It is no mistake that Square commercially released the first game's soundtrack in *North America* (a rare occurrence as any game music fan knows) and seems likely such will happen this time around as well. Everything from the beautiful piano composition that accompanies the title screen (a slightly remixed “Dearly Beloved”) to the bombastic action oriented battle themes will captivate the player and only draw them further into the product. Truly one of the best soundtracks to ever come out of a game composer and plaintively obvious this woman has genuine musical talent.


Anyone who missed out on Kingdom Hearts Final Mix (i.e. 99% of foreign gamers) and the GBA-exclusive Chains of Memory will be at a minor and major loss respectively. Restricted to only those players with unrivaled gameplay skills, the Japan-only Final Mix featured a bonus movie entitled “Deep Dive”. Showcasing a moody and mature unknown world, the footage appears in sporatic segments throughout KH2 and has a major bearing to the game's darker plot.

Unfortunately, unfamiliarity with Chains of Memory is quite problematic. Despite the game being 90% rehash, the actual new content presented is required playing to understand who many of the characters in KH2 are. Unlike the story link employed by say, the Matrix game/movie, CoM literally serves as the introduction to the first 5+ hours of this game as well as most of the new characters. In fact, too much of the game's story seems to stem from Chains of Memory which makes the game positively annoying: rather than saving all the important plot revelations and disclosures for this proper effort, Square commissioned a sub-par “hand out” last year that basically alleviated it from half of the story/setting work in this game.

Speaking of familiarity, unfortunately Kingdom Hearts 2 also looses some points for originality as a whole. And yes, I realise the absurd irony here given that 90% of the game (i.e. everything Disney) is blatant rehashing in the first place. Specifically, however, although Sora's adventure takes him to many all-new worlds, it also sees the return of a host of prior ones. In some cases, such as Atlantis, the gameplay and controls are totally altered thus making it a legitimate inclusion, but with respect to other areas (such as Aladdin's ancient Arabia) there is a definite feeling of “been there, done that.” Despite new locations in old worlds, it's just not as enthralling revisiting old characters as it could be exploring with all-new ones. Some people may jump at the prospect of interacting with these characters once again, but think of it this way: What about Disney (owned) movies like say, Toy Story? What about James and the Giant Peach? What about The Incredibles?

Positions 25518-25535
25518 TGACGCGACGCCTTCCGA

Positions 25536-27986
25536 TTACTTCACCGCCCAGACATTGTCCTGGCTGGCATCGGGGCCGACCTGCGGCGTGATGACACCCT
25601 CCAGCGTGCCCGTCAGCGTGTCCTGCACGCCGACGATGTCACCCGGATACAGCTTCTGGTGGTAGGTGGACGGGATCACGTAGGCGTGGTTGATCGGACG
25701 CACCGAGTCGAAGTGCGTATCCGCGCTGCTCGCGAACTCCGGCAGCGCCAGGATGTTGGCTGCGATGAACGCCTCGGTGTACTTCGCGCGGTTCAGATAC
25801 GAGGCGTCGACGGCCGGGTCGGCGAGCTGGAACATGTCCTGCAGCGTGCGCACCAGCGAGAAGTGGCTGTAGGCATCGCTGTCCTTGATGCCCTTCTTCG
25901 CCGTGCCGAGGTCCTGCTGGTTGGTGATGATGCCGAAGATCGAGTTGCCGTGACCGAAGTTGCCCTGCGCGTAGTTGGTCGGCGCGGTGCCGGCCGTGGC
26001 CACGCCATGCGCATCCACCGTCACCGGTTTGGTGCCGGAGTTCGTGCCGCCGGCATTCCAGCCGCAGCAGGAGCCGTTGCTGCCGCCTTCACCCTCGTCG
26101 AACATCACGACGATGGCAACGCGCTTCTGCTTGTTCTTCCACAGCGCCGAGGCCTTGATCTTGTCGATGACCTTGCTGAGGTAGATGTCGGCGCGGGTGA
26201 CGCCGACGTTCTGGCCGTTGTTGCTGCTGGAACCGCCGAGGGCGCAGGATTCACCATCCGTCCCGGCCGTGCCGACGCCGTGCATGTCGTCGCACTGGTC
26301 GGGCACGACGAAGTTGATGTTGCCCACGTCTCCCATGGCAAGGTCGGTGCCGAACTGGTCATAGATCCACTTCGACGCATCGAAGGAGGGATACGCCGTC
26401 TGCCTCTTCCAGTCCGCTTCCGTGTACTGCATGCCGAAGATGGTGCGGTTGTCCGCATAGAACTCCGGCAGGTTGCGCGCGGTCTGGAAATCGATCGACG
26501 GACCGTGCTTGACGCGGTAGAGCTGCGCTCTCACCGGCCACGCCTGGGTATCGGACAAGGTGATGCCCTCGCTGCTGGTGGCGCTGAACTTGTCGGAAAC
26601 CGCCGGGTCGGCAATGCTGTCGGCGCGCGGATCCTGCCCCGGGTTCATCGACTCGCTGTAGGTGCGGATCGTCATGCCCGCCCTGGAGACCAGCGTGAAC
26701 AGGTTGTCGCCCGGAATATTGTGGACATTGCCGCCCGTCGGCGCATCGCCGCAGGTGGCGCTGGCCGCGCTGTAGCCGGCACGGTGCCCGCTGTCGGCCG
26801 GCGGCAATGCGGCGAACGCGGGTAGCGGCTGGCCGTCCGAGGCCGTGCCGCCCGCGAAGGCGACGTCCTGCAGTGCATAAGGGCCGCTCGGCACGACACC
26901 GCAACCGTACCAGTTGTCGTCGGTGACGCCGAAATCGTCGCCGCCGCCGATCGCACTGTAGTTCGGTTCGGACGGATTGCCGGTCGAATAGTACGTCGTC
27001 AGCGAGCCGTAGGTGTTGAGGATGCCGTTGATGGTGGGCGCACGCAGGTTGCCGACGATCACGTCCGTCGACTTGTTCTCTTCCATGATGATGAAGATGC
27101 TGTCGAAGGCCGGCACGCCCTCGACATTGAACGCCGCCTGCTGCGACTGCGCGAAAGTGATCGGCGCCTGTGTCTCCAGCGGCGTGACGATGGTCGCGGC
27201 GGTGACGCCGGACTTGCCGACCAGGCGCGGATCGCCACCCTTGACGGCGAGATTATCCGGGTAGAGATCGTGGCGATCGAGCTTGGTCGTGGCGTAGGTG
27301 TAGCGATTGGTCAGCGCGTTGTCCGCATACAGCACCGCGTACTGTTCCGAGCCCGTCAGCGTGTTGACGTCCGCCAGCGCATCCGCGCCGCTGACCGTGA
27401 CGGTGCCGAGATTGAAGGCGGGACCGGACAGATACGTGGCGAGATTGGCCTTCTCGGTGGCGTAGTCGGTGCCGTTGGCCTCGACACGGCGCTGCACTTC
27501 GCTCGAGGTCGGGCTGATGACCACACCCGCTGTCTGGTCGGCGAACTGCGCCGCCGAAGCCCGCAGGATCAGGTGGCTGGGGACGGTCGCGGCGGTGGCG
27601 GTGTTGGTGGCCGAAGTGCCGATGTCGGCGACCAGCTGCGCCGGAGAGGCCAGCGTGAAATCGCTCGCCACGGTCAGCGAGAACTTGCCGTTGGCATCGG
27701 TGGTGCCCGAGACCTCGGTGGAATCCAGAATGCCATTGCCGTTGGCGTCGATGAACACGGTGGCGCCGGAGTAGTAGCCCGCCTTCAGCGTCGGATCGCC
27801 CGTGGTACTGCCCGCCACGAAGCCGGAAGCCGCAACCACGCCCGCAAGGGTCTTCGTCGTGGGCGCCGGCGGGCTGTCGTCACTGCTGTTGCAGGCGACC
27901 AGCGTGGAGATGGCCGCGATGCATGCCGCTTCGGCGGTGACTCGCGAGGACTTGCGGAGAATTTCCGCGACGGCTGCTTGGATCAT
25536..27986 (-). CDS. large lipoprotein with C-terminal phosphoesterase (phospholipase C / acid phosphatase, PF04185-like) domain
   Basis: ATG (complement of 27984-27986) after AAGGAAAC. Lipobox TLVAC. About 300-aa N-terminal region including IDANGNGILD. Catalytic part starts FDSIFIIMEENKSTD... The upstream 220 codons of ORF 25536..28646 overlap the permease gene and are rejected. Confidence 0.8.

The other main problem with Kingdom Hearts 2 seems to be the actual game itself, as odd as that sounds. Without getting too specific and spoiling anything, the first five hours of play are quite surprising-QUITE surprising. It's unfortunate, then, that when the adventure formally starts, things return to normal. While the story is fantastic (with even more twists and turns than the original game), I can't help but feel it's confined by the Disney presence. With the first Kingdom Hearts, this wasn't as noticeable given the limited nature of the game's plot. With the sequel, though-especially after you tackle the game's final World, you have this gigantic, complex scenario with dark undertones, but instead of seeing its maturation throughout, you have to put up with bits and pieces in-between the far more childish Disney creations. It's almost as if Tetsuya Nomura really wants to create the next level of Final Fantasy games, but now has his hands tied in light of the game's joint-venture existence. It might sound rash, but I'd truly prefer if the inevitable Kingdom Hearts 3 drops Disney all together. To be fair, however, my own dislike with Disney ultimately fails to quantify given the fantastic job done to the licenses.